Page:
Our robot’s audio analysis of Trump from his two minutes on camera with Putin: “Disappointed, feeling of missed opportunity. Cold and remote. Pompous, overexcited, empowered.”
Our robot’s audio analysis of Putin from his two minutes on camera with Trump: “Feels in control. Controlled speaking.”
Questions? I hope so. Explanation below. It’s worth it. If not, skip to the Infographic,
We’re constantly bringing new processes, techniques and tools online at FactSquared. We’ve been using machine learning for analyzing audio, video and text since we launched (all the way back in… January!)
But we’re also very agnostic about tools. We don’t have all the answers, and we watch this space closely for new developments. When something new comes along, we try it. If it adds value, we integrate into our composite.
— Homer Simpson
The Simpsons, S05E11
We were going through a round of testing on a new approach right when Donald Trump met with Vladimir Putin in Hamburg, Germany on Friday, July 7, 2017.
In a peanut-butter-meets-chocolate moment, we said: “let’s try this out!”
In keeping with the past blog posts, you get some background and details. It’s like Neil deGrasse Tyson, but not as funny. Or smart. Or handsome. Or charismatic…
…back from the therapist. All better. Picking it back up…
A huge part of what we do, separate from pulling all this data together, is the analysis. Most of it is behind the scenes because it’s a lot of data. 115 datapoints per word. Or, in the average 10-minute speech (1,132 words, at current 30-day moving average of Trump’s speeches and remarks of 113.2 words per minute), 130,180 datapoints. You do not want all that on a page.
It all feeds our search engine to make the results hyper-accurate, but the goal has always been a way to surface the information that doesn’t overwhelm. You’ll start seeing some of it in the next few days as we get charts and dashboards on the search, and in our daily newsletter (yes, it’s coming).
Part of all this is text analytics of course. Using established approaches and methodologies, it analyzes the words and groups of words to score how positive or negative a statement is, what emotions it conveys, the topics of conversation, and so on.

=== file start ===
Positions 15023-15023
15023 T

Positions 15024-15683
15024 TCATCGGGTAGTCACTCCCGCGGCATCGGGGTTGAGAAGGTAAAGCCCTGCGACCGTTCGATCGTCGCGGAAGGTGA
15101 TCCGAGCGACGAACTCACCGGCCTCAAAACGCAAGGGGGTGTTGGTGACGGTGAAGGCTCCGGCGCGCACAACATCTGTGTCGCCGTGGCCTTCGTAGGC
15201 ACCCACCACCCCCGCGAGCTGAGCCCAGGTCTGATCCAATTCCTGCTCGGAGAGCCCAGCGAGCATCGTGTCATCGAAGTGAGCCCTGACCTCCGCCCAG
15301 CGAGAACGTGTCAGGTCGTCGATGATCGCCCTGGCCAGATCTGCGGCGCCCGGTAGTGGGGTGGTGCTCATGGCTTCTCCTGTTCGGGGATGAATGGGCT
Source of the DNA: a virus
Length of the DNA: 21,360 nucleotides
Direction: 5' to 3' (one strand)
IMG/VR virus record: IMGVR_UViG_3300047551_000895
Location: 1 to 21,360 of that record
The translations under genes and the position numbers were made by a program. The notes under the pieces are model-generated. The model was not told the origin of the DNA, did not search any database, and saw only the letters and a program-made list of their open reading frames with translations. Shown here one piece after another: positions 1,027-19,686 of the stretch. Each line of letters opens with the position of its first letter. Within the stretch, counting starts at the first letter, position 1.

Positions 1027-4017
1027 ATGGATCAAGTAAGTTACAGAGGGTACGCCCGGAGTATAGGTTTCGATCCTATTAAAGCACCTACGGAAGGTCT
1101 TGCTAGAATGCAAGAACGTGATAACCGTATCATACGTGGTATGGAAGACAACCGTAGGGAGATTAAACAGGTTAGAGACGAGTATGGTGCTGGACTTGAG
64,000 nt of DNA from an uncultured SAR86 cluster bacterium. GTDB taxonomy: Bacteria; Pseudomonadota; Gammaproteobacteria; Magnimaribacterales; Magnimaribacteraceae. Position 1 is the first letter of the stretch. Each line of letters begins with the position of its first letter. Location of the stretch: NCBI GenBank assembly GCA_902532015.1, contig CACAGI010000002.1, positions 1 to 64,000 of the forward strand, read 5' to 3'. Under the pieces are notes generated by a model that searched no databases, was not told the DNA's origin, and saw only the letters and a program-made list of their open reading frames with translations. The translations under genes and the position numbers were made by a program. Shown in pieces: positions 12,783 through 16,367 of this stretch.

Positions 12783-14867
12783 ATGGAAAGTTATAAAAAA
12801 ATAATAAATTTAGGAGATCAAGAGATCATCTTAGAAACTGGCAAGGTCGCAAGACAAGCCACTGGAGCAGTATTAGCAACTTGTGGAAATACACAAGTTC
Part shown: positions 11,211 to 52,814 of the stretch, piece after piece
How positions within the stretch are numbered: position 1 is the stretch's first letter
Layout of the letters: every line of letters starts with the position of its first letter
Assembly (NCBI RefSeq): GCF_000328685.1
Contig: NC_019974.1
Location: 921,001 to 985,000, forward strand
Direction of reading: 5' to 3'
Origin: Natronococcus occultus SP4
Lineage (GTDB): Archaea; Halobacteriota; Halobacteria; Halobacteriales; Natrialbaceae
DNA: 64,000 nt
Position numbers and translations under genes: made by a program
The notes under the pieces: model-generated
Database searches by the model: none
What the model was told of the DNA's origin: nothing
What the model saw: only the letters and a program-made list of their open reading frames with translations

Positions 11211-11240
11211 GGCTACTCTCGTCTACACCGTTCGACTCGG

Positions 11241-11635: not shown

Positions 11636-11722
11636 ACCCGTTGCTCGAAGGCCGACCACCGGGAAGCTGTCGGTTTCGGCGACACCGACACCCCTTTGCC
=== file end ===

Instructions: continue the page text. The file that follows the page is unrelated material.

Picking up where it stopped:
For example, when we analyze word usage to determine odd turns of phrase, or how “normal” a statement is in terms of language, it utilizes the Corpus of Contemporary American English, a statistical compilation of 520 million words across books, newspapers, magazines, books, spoken words from 1990 – 2015 (it’s cool, but bring Dramamine). The raw data we generate is reproducible.
The same principle applies to audio analysis, which measures voice stress reliably, as well as comparing the frequency, tremors and other ticks against things like the Toronto Emotional Speech Set or the Berlin Database of Emotional Speech, and quite a few others. From there, we tailor the models, building on top of the core data. Ditto for video. You get the point.
Taking all the above, for example, our current system generated a composite of the Trump / Putin discussion. It described Trump and Putin as very positive. This was of course challenging as the text analysis was off the translator for Putin’s comments. The text emotion reflected “Joy” and “Agreeable” for both.
But, this provides an analysis of the words, not the person.
The audio analysis, which is important, told a different story. It characterized Trump as being moderately positive, but low energy. Putin was characterized at the midline: neither high nor low energy, neither positive nor negative. Put another way, the robot said Trump was upbeat in tone, happy, but lower energy. The same robot said Putin was a cipher. Neutral across the board.
Something Old, Something New
That brings us current. We’ve been meaning to test an expanded voice analysis tool. The company, BeyondVerbal, had built their analysis off of more than 60,000 samples, far larger than the others. Analysis tools such as these are the embodiment of “more is more.” The much larger sample set lets the analysis be much more finely sliced. So we took it out for a spin.
We used the below for Trump…
Because the tool specifically measures voice frequencies, the camera noise should not impact it. That being said, we tested it anyway after removing the camera noise…
…and found the analysis, with 1-2%, to be nearly identical. Feel free to test on your own to validate.
Our findings are below in the table. The data indicated a more restrained, less confident Trump, while Putin appeared to be in tight control of his voice and more confident of his position. The data, combined with several dozen other tests, also proved to be an improvement on our audio analysis. So we’ll be integrating it into our composite in the coming days.